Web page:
# Plot the plane so different condition has a different color

I have a list of functions defined on the plane, and I want to know which one of those functions is smaller than the other functions at particular points.

Currently, what I do is

Plot3D[{1 + 3/2 v, 1 + 2/3 m + 1/6 v, 9/4 + 1/8 v, 10/7 m,
m + Min[2/3, 1/2 m, v]}, {m, 1, 2}, {v, 0, 1},
PlotStyle -> {Orange, Red, Blue, Green, Black}, ViewPoint -> Bottom]


And I get a picture like this (it is a little bit rotated because I can't view 3D plots unless I'm moving it... but that's another question)

I feel there must be a smarter way than doing this without invoke plotting a 3D diagram.

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[Edit note: I added an alternative and then was encouraged to separate the two solutions. If you upvoted because of the second solution, feel to retract it. (Sorry.)]

Here's a V10 solution with ImplicitRegion.

fns = {1 + 3/2 v, 1 + 2/3 m + 1/6 v, 9/4 + 1/8 v, 10/7 m, m + Min[2/3, 1/2 m, v]};

rgns = Table[
ImplicitRegion[
Reduce[{And @@ Thread[fns[[i]] < Drop[fns, {i}]], 1 < m < 2,  0 < v < 1}, {m, v}],
{m, v}],
{i, Length[fns]}];

RegionPlot, {rgns, Thread[PlotStyle -> {Orange, Red, Blue, Green, Black}]}],
PlotRange -> All]


This also will plot the regions, but I can't figure out how to style the regions:

Show[BoundaryDiscretizeRegion[#, MaxCellMeasure -> 2] & /@ rgns]


Update: There's got to be a better way than this:

meshToGraphics[rgn_] /; RegionDimension[rgn] == 2 :=
With[{boxes = Cases[
ToBoxes @ BoundaryDiscretizeRegion[rgn, MaxCellMeasure -> 2],
_GraphicsComplexBox,
Infinity]},
ReleaseHold@MakeExpression[GraphicsBox@boxes, StandardForm]
];

meshToGraphics[BoundaryDiscretizeRegion[#1, MaxCellMeasure -> 2]] /. p_Polygon :> {#2, p} &,
{rgns, {Orange, Red, Blue, Green, Black}}]
]


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Nice to see v10 functionality helping for a change. ;^) +1 – Mr.Wizard Jul 20 '14 at 5:33
Nice update! Really clean. I think you should post that as a second answer; I'd surely vote again. – Mr.Wizard Aug 27 '14 at 0:22

In my opinion it's not a bad thing to use Plot3D for this as you offload plane intersection to the GPU.
You can get an orthogonal view like this:

Plot3D[
{1 + 3/2 v, 1 + 2/3 m + 1/6 v, 9/4 + 1/8 v, 10/7 m, m + Min[2/3, 1/2 m, v]},
{m, 1,2}, {v, 0, 1},
PlotStyle -> {Orange, Red, Blue, Green, Black},
ViewPoint -> {0, 0, -∞}
]


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Late, but I wanted to show a different way of visualizing the ImplicitRegion approach shown by MichaelE2 based on a workaround I came up with here:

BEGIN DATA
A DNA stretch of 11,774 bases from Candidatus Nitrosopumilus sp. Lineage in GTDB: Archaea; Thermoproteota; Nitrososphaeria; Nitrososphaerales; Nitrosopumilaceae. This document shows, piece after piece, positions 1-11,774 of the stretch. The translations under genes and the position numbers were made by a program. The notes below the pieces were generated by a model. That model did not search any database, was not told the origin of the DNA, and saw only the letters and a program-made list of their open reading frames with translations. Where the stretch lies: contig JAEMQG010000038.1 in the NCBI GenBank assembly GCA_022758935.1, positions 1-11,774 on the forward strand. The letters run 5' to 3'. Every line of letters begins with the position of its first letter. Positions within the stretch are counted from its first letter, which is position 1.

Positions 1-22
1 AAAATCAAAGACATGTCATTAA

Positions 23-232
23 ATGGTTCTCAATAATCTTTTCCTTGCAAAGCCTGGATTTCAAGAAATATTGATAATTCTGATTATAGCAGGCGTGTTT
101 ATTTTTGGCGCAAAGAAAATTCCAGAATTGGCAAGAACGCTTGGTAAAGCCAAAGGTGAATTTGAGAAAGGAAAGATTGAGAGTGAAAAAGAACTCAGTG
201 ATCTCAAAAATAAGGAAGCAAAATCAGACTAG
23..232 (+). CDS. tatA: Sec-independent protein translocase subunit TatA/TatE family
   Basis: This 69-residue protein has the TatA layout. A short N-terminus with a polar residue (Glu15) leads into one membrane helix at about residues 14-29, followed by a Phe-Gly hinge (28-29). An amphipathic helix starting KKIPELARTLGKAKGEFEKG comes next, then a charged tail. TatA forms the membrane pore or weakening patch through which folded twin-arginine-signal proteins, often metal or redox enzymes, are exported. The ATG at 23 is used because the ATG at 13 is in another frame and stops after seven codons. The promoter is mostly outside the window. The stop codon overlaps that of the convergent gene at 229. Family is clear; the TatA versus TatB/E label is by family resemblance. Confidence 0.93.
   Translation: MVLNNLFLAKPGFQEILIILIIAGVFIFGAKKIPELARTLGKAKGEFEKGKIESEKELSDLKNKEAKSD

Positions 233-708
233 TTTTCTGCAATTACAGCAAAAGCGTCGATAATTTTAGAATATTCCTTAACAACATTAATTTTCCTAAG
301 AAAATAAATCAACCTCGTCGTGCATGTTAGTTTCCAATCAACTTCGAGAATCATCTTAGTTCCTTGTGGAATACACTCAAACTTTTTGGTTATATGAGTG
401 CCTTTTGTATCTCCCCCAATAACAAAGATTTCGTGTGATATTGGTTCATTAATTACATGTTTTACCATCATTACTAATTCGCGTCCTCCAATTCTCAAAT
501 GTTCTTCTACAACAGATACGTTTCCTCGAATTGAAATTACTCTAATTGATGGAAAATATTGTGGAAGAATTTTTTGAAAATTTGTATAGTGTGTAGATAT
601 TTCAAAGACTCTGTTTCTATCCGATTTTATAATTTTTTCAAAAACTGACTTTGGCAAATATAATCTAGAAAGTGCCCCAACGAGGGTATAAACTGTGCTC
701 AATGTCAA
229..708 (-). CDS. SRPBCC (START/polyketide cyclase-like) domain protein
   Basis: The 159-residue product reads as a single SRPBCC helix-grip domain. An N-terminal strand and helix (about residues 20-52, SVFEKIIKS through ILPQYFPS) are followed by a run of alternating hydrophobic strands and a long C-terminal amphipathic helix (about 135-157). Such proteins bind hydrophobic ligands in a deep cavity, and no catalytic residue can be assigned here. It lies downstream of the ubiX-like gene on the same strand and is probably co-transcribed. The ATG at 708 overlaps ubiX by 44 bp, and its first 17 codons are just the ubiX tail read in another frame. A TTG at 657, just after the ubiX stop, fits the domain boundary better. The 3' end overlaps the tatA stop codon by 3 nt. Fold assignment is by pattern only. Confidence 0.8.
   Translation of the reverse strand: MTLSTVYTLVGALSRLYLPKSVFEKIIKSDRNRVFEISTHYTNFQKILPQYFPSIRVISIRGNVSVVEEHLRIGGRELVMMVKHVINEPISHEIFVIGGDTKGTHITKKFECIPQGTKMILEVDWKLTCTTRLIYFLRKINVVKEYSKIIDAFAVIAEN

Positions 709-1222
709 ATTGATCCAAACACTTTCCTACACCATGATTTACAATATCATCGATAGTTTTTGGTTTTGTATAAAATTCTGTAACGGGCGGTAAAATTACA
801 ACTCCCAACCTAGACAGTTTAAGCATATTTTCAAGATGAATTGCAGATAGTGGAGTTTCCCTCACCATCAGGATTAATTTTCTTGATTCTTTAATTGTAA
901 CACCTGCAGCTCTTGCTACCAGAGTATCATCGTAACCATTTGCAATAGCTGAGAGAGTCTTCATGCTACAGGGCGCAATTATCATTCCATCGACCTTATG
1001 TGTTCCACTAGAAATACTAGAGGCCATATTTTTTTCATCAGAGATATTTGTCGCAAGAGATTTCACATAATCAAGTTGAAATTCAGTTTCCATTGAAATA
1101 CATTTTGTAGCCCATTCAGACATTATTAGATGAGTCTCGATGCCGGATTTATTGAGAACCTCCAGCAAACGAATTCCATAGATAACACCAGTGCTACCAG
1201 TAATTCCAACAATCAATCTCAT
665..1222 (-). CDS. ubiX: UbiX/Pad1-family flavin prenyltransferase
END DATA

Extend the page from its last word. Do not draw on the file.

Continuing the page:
fns = {1 + 3/2 v, 1 + 2/3 m + 1/6 v, 9/4 + 1/8 v, 10/7 m, m + Min[2/3, 1/2 m, v]};

rgns = Table[ImplicitRegion[Reduce[{And @@ Thread[fns[[i]] < Drop[fns, {i}]], 1 < m < 2,
0 < v < 1}, {m, v}], {m, v}], {i, Length[fns]}];

{r1, r2, r3, r4, r5} = BoundaryDiscretizeRegion /@ rgns;


Then:

Graphics[GraphicsComplex[
MeshCoordinates[#1], {Black, MeshCells[#1, 1], Opacity[0.6], #2,
MeshCells[#1, 2]}] & @@@ {{r1, Red}, {r2, Blue}, {r3,
Yellow}, {r4, Darker@Green}, {r5, Purple}}, Axes -> True, Frame -> True]


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flist = {1 + 3/2 v, 1 + 2/3 m + 1/6 v, 9/4 + 1/8 v, 10/7 m, m + Min[2/3, 1/2 m, v]};
pieceW = Piecewise[Table[{i, flist[[i]] == Min[flist]}, {i, 1, Length@flist}]];


DensityPlot

DensityPlot[pieceW, {m, 1, 2}, {v, 0, 1},
PlotPoints -> 200, ImageSize -> 500,
ColorFunction -> ({Orange, Red, Blue, Black, Green}[[#]] &),
ColorFunctionScaling -> False, ImagePadding -> 25]


ContourPlot

ContourPlot[pieceW, {m, 1, 2}, {v, 0, 1},
PlotPoints -> 200, ImageSize -> 500, Contours -> Range[5],
ContourShading -> RotateRight[{Orange, Red, Blue, Black, Green}],
ContourStyle -> {Orange, Red, Blue, Black, Green}]


RegionPlot

regions = And @@@ (Outer[Less, flist, flist] /. x_ < x_ :> Sequence[]);
RegionPlot[regions, {m, 1, 2}, {v, 0, 1}, ImageSize -> 500,  PlotPoints -> 100,
PlotStyle -> {Orange, Red, Blue, Black, Green}, ImagePadding -> 25]


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+1 for providing alternatives, but it's worth noting that this takes much longer to render than the code in my answer because this cannot (or at least does not) offload the work to the GPU. – Mr.Wizard Jul 20 '14 at 5:30

This is my second answer. I was encouraged to post this separately. There is some sense to that, as it lets the community sort out the best solution, instead of tying two solutions together.

When m and v have Ordering[fns, 1] returns the index of the function whose value is least. By setting the contour levels between the indices, we can plot the regions indicating which function has the least value.

fns = {1 + 3/2 v, 1 + 2/3 m + 1/6 v, 9/4 + 1/8 v, 10/7 m, m + Min[2/3, 1/2 m, v]};

ContourPlot[Ordering[fns, 1], {m, 1, 2}, {v, 0, 1},
Contours -> 1/2 + Range[Length@fns - 1],
ContourShading -> {Orange, Red, Blue, Green, Black},
MaxRecursion -> 4]


To plot the regions indicating which function has the greatest value, use Ordering[fns, -1].

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